Tag: gig economy

Etsy sellers are taking their battle with Etsy Inc. public this week to protest higher fees and other changes the company says are necessary to compete for shoppers.

Starting Monday, April 11, thousands of Etsy sellers put their shops on “vacation mode,” urging customers to boycott the platform for a week.

Etsy is a global online marketplace where people come together to make, sell, buy and collect unique items. People create individual virtual storefronts and sell millions of items including art, jewelry, face masks, furniture, pottery, on and on.

Kaitlin Daniels headshot

Etsy CEO Josh Silverman announced in February that, while sales and revenue were at all-time highs, transaction fees would increase 30% in April. Sellers, in turn, organized a collective strike through the platform Coworker.org.

“I think this is one more instance of workers flexing their bargaining power. We see this playing out in the broader economy in the form of rising wages and ‘the great resignation,’” said Kaitlin Daniels, assistant professor of supply chain, operations and technology at Olin. Her research focuses on the operations of gig-economy platforms and the resulting impact on consumer and service provider welfare.

Just the latest in a series of changes for sellers

The fee increase is just the latest in a series of changes that irk Etsy sellers.

“It’s worth noticing that Etsy worker complaints extend beyond the fee increase,” Daniels said. “They are also demanding changes to the Star Seller program and the offsite ads program.”

The Star Seller program rates sellers’ customer service, e.g. responding to 95% of emails within 24 hours. Etsy’s discovery algorithm prioritizes sellers in part based on their Star Seller status. 

The offsite ads program allows Etsy to promote sellers through paid ads on other websites. This program automatically charges the promoted seller a 12% fee (about twice the usual fee) if the ad produces a purchase. Most sellers cannot opt out of these offsite ads.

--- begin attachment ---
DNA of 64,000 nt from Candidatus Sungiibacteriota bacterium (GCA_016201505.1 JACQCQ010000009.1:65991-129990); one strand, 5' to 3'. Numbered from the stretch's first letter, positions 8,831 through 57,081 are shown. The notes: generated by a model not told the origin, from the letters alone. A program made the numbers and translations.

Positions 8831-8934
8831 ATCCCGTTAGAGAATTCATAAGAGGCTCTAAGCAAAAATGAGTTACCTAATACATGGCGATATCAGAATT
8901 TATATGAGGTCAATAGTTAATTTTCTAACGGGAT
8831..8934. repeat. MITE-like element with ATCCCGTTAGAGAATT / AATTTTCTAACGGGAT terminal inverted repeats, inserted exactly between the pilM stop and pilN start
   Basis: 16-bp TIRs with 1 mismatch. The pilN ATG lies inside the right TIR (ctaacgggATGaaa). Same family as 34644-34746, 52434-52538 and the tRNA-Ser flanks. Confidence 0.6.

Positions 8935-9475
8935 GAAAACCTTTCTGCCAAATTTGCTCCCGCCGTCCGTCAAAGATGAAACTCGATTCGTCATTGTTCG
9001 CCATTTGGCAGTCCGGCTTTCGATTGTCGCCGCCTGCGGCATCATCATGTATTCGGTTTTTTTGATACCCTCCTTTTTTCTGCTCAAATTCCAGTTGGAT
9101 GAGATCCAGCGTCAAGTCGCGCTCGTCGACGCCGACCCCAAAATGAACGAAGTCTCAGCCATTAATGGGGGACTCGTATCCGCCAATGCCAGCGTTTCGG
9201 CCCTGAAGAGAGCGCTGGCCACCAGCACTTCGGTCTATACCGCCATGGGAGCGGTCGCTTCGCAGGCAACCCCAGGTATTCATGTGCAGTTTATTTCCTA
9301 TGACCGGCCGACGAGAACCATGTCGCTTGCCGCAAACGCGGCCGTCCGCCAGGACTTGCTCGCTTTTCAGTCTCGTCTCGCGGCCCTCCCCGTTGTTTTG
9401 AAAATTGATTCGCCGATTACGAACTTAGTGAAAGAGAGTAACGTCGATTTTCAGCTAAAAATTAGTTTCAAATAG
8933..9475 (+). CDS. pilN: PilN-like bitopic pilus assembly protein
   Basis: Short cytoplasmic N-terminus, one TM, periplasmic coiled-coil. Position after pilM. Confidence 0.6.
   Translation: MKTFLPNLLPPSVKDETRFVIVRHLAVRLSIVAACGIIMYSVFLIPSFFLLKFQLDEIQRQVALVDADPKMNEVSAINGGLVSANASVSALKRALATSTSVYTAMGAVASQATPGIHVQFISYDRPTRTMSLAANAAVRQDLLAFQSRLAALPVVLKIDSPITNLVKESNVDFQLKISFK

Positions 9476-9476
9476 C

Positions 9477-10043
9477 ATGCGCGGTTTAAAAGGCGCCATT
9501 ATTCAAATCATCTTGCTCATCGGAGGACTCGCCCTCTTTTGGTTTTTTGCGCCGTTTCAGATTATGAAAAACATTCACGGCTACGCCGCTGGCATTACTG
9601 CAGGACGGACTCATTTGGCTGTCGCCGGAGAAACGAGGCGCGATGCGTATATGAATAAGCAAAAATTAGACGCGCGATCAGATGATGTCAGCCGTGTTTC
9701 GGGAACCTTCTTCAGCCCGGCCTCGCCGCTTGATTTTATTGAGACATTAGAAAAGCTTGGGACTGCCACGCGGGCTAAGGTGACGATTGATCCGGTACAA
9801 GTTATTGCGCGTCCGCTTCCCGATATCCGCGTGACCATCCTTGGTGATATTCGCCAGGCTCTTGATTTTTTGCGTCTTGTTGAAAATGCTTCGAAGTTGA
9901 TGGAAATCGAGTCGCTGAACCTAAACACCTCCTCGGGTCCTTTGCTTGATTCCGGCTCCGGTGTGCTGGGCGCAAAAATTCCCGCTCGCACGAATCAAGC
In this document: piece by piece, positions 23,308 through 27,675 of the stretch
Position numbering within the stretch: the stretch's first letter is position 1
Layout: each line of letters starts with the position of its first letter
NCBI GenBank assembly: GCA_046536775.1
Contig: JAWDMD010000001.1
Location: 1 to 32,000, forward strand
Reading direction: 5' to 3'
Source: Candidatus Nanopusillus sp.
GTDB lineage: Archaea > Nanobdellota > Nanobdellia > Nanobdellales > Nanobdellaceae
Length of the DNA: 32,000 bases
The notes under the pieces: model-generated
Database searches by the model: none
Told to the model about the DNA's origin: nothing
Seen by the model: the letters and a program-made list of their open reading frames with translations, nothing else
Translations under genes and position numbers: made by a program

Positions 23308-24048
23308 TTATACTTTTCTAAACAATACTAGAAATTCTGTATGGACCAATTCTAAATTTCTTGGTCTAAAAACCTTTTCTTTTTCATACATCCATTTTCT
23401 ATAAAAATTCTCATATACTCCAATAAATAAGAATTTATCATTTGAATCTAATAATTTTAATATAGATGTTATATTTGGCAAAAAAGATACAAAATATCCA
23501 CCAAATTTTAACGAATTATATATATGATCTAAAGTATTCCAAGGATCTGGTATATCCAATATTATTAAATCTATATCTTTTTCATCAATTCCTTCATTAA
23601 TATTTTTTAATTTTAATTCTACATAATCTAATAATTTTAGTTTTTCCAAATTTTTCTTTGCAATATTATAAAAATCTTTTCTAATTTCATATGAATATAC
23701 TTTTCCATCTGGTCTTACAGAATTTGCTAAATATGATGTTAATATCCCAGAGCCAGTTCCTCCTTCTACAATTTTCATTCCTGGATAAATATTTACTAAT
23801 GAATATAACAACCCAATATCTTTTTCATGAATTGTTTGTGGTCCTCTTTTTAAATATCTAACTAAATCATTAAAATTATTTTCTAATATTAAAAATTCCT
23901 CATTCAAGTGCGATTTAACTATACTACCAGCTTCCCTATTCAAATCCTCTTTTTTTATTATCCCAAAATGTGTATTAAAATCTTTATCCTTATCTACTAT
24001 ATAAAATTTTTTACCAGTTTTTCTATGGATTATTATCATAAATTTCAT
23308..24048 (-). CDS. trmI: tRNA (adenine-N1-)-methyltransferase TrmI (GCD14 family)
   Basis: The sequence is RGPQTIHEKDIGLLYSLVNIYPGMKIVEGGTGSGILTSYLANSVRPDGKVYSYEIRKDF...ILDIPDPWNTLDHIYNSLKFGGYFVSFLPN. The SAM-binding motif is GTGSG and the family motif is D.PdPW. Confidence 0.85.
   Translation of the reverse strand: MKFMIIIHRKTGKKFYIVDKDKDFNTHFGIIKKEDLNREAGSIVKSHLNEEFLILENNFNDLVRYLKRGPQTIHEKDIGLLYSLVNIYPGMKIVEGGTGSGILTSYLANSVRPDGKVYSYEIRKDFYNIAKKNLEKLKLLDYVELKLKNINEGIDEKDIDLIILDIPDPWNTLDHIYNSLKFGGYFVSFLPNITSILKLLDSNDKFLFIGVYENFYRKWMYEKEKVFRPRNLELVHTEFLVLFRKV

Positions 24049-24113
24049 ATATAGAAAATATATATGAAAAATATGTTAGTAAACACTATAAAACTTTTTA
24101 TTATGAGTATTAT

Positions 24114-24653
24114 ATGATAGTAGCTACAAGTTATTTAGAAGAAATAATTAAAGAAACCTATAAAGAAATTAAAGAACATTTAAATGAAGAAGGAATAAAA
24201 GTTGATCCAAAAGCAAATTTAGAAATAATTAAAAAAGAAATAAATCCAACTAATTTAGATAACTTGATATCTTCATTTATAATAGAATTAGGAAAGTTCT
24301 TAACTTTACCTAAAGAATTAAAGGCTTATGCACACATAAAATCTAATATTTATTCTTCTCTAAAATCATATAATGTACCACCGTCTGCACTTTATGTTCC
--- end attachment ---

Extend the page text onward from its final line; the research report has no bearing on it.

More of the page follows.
“These programs restrict how sellers run their Etsy business, which limits sellers’ flexibility in how they balance their Etsy work with the rest of their lives. Since flexibility is one of the main reasons people say they work gigs, it is not surprising that these programs are unpopular.”

In this installment of The Boeing Center’s In the Pipeline, Kaitlin Daniels, assistant professor of operations & manufacturing management, shares some motivation for her recent research on the “gig economy,” which engages contract workers for short-term work. A perfect example of a gig economy is Uber.

Daniels is particularly interested in the operational challenges companies face in the gig economy. Gig economy workers get to decide when, where, and how long they will work, in contrast to the traditional employment arrangement, where the firm directly controls its workers’ shifts. Daniels focuses particularly on the incentives offered by gig economy firms, and the policy implications of those incentives.

Another area of focus in Daniels’ research is surge pricing, or the increase in cost to consumers during times of high demand. While she notes that surge pricing certainly improves Uber’s profitability, she wonders if the practice is actually better for consumers. Daniels is also interested in driver welfare. “There has been a lot of talk recently about how to ensure that drivers or gig economy workers are ensured some base level of welfare in the same way that we protect employees,” Daniels said. As interest and opportunity in the gig economy rises, research on the topic will become increasingly important.

In the Pipeline is a Boeing Center digital series that highlights in-progress academic research in the fields of supply chain, risk management, and operational excellence. It features professors from Washington University’s Olin Business School, and demonstrates The Boeing Center’s ongoing pursuit of cutting-edge research and knowledge dissemination.

For more supply chain digital content and cutting-edge research, check us out on the socials [@theboeingcenter] and download our app on iOS or Android for access to exclusive content and events!

• • •

A Boeing Center digital production

The Boeing Center

Supply Chain  //  Operational Excellence  //  Risk Management

Website  • LinkedIn  • Subscribe  • Facebook  • Instagram  • Twitter  • YouTube